Sulphur or Sulfur?

As a writer I’m aware of the shape of words and how strong (or otherwise) they look. If I were penning a tale of mysterious goings on in some underground cavern I’d probably include Sulphur because people expect there to be Sulphur and because Sulphur looks like a word we’d associate with the dark side (whatever the element’s actual qualities). Now though I couldn’t do that- or at least not without having an incorrectly spelt word in my text because Sulphur no longer exists. Welcome instead to Sulfur. 

Mmm, it doesn’t look as good at all does it. Sulphur suggests dark dancing devils and hordes of winged bats summoned up chanting priests in orange cloaks chucking lots of the stuff into a metal dish. Sulfur suggests a washing up powder that makes your whites even whiter. So how did we come to this pass? Why does the word we learned at school and which pervades literature about any dark cavern suddenly no longer count? Zillions of chemistry lessons and pharmaceutical courses are now wrong! When did this happen and why?
It’s all down to the International Union of Pure and Applied Chemistry (not Kemistry). The IUPAC are responsible for the nomenclature of organic and inorganic molecules. Not sure who gave them this remit but they seem to own it and have declared that Sulphur should always have been spelt Sulfur. Not only that but Sulphate is Sulpfate, Sulphuric acid is Sulfuric and so on.
If you look at the origins of the word, you can find both spellings come from different eras of Latin but it was actually initially spelt with an f. However being the UK in the fourteenth century we seemingly decided to spell it differently (the early stirrings of Brexit clearly already showing) using a ph and that’s well and good except that this became a bit of a fad. For example the word fantastic was spelt phantastic. The ph orginates from Greek and back then people really did think the ph made words look more impressive.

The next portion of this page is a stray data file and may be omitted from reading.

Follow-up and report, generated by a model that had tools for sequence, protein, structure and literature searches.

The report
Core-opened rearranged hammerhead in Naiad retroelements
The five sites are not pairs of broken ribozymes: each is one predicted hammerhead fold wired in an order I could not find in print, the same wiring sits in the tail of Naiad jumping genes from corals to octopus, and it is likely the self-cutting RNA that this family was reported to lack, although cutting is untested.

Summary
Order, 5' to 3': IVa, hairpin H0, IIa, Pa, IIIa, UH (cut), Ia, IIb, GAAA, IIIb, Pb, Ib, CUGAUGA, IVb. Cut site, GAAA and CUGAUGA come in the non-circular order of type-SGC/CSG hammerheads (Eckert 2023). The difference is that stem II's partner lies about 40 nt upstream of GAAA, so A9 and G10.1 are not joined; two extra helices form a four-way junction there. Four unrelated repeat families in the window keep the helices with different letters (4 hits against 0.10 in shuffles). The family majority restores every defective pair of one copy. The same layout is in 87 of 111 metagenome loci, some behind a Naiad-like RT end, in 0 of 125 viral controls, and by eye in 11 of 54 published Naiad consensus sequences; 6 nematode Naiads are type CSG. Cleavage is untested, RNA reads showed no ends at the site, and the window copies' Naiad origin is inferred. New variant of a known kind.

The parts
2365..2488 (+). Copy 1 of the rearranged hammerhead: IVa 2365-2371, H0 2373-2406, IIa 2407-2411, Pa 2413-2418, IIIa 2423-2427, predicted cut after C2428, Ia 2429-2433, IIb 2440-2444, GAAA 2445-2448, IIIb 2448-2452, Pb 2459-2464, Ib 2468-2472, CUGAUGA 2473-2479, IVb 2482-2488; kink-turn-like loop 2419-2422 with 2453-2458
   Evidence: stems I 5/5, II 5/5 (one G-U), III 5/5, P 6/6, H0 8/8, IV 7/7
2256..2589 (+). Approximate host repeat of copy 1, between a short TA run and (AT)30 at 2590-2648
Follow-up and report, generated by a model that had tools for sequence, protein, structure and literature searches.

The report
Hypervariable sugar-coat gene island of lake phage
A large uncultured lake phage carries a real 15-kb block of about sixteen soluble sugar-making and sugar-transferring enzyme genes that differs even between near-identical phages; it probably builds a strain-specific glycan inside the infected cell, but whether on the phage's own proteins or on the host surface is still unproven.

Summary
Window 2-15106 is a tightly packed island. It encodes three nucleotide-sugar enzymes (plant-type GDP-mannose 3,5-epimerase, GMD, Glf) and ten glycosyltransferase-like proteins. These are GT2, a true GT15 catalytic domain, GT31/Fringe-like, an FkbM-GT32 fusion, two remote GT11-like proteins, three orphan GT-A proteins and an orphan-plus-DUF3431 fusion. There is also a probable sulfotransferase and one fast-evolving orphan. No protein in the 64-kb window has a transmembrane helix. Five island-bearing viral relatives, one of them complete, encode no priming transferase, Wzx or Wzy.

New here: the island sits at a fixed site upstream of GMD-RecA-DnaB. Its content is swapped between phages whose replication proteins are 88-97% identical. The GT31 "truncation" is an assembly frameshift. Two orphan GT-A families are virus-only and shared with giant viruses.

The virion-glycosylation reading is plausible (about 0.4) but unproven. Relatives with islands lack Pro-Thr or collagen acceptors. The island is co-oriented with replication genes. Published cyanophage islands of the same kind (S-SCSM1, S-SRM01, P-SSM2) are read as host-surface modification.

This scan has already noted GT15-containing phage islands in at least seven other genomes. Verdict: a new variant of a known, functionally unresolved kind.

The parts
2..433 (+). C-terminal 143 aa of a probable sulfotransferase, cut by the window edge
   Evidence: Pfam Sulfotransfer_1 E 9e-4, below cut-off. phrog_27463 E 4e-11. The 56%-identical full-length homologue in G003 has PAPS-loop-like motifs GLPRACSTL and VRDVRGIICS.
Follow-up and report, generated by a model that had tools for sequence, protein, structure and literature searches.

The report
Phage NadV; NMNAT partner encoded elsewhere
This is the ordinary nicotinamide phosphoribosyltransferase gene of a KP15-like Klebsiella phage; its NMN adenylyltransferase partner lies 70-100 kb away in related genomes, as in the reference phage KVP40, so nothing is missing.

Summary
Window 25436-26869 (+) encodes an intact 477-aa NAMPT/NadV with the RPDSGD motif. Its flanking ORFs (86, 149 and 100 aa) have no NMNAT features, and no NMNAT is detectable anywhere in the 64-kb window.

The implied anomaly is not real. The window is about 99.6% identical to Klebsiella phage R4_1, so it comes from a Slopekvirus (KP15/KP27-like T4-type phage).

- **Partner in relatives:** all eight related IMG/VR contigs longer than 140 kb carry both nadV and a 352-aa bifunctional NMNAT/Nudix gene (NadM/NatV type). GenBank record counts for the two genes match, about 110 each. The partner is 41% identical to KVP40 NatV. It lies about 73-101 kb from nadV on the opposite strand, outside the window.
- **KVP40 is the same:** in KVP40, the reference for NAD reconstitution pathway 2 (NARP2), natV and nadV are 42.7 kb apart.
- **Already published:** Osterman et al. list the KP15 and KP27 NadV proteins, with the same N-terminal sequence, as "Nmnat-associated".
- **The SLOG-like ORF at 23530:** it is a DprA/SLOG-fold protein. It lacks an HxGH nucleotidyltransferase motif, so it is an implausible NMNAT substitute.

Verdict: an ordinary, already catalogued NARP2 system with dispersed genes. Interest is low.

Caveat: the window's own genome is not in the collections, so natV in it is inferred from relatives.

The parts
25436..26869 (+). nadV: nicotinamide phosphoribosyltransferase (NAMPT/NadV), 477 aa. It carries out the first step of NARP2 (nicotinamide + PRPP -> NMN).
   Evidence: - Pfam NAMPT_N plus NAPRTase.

This lasted until 1990 when the IUPAC spoiled the fun and declared we would return to the spelling sulfur herewith and soon other obscure but elaborately monikered organisations followed suit. The Royal Society of Chemistry Nomenclature Committee made the ruling in 1992 followed in 2000 by the Qualifications and Curriculum Authority for England and Wales. Recently the `f` spelling has started to appear on medicines and now features in all school examinations so a generation or two has now grown up unaware of Sulphur. Like a world without smartphones (or should that be smartfones?) they cannot appreciate the ph.
It’s fun to think that perhaps other ph words will be outlawed in future. Perhaps the name Philip will become Filip. Or the word phrase will be replaced by frase. Or (snip- that’s enough phing about)

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